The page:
Just because the industry is peopled with cretins, scoundrels, and bigots—if it is or ever was—does not mean that it may not have worked, once upon a time. But film culture has been dismissive of the trade and loyal to battered, half-hearted artists. As a result, we do not know how the system functioned.
Women think in [Douglas] Sirk’s films. Something which has never struck me with other directors. None of them. Usually women are always reacting, doing what women are supposed to do, but in Sirk they think. It’s something that has to be seen. It’s great to see women think. It gives one hope. Honestly.
Dan Yakir: In A Love in Germany, unlike your other films, you depict the other side of fascism—its emergence in the lives of average people, as opposed to its systemic manifestations.
Andrzej Wajda: Yes. In order to exist, a totalitarian system has to be totally unified and uniform—every element, every individual must submit to it. The system has to be able to look into the kitchen and bedroom of the individual in order to be effective. Without an enemy to mobilize the people against, the system can’t create unity. So it creates the enemy. Here, it’s the Polish POW, who obviously can’t threaten the system. All he does is sleep with a German woman—who serves the purpose.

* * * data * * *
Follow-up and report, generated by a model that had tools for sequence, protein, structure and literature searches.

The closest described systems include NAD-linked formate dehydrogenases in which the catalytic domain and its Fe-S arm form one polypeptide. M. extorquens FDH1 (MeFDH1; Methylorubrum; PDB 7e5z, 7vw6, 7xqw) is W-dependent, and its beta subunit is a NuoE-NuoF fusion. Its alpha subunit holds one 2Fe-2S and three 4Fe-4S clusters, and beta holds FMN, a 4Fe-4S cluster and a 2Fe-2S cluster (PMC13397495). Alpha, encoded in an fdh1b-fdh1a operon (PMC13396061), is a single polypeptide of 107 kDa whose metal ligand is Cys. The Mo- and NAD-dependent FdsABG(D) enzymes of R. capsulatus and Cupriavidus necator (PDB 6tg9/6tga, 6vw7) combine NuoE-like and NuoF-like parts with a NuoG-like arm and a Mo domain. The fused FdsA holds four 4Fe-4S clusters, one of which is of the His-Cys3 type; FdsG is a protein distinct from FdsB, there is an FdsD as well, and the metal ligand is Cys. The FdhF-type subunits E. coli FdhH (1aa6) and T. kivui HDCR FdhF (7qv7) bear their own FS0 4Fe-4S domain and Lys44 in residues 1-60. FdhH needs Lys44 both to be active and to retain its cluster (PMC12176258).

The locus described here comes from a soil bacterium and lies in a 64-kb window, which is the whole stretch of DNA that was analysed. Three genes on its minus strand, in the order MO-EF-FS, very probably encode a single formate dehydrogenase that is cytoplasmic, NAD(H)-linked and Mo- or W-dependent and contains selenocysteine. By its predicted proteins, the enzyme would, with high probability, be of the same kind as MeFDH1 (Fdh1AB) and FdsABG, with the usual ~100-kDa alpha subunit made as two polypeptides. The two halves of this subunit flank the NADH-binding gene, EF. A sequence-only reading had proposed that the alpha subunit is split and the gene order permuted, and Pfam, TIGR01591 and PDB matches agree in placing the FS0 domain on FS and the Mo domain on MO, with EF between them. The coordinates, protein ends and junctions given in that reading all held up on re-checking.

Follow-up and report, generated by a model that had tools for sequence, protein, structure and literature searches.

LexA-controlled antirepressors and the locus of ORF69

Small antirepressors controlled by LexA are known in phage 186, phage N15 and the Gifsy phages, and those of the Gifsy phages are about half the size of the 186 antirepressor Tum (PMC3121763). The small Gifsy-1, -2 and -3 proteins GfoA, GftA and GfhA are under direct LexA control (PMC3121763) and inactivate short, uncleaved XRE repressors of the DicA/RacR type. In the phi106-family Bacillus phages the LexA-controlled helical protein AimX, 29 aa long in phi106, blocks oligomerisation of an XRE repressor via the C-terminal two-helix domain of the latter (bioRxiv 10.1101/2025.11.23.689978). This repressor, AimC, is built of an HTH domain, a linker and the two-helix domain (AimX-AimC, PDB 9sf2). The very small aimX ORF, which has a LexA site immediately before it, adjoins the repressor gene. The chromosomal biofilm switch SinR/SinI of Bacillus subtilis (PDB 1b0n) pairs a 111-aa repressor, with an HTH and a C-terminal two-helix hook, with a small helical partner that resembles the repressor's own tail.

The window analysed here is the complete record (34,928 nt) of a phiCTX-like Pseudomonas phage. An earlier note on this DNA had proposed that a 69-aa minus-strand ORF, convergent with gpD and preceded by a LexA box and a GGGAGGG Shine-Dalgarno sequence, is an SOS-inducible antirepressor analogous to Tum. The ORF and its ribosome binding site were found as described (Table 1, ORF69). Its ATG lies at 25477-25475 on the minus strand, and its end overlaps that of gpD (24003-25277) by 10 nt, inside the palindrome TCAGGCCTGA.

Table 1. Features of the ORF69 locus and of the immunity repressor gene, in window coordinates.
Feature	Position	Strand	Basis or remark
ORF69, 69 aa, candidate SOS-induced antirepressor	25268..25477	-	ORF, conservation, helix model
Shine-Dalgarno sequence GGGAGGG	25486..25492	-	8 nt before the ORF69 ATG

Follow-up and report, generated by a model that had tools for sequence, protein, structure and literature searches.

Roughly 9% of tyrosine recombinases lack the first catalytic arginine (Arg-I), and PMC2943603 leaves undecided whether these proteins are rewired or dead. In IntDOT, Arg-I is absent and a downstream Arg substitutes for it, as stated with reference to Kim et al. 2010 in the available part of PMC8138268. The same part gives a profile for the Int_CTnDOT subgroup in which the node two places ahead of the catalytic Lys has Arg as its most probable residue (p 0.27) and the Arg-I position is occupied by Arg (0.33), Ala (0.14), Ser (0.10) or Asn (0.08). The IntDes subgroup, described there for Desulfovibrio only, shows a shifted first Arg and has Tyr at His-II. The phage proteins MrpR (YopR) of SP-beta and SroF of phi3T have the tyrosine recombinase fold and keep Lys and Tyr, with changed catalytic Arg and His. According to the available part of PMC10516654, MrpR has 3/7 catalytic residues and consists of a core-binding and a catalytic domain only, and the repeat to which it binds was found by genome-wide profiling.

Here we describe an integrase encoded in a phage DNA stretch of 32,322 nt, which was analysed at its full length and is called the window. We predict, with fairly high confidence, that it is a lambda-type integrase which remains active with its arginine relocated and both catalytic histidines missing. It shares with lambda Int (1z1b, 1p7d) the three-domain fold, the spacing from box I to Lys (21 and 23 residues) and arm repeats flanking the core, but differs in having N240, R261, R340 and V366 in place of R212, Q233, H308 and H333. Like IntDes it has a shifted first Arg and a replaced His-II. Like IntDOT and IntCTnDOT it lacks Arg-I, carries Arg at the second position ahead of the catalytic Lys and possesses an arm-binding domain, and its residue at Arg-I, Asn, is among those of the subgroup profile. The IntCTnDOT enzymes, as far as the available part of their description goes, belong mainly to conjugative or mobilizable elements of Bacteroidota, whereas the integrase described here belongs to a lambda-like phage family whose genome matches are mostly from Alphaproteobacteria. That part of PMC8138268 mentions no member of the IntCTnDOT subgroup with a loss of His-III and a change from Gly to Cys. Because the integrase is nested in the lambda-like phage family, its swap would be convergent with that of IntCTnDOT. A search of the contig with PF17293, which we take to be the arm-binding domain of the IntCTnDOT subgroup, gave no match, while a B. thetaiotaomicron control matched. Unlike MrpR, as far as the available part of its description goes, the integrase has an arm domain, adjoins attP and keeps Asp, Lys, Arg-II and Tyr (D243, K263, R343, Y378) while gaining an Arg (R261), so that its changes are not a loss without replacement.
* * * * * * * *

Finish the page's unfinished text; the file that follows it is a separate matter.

Before, I could only examine the impact of totalitarianism on the victims. Now I wanted to show it from the German side, which I find interesting. I wanted to show evil, so it doesn’t happen again. I think it’s as important and as relevant as ever, because totalitarianism keeps being reborn in different forms.
From our November/December 1984 issue: Andrzej Wajda on his career and (then-newly released) A Love in Germany. Read more….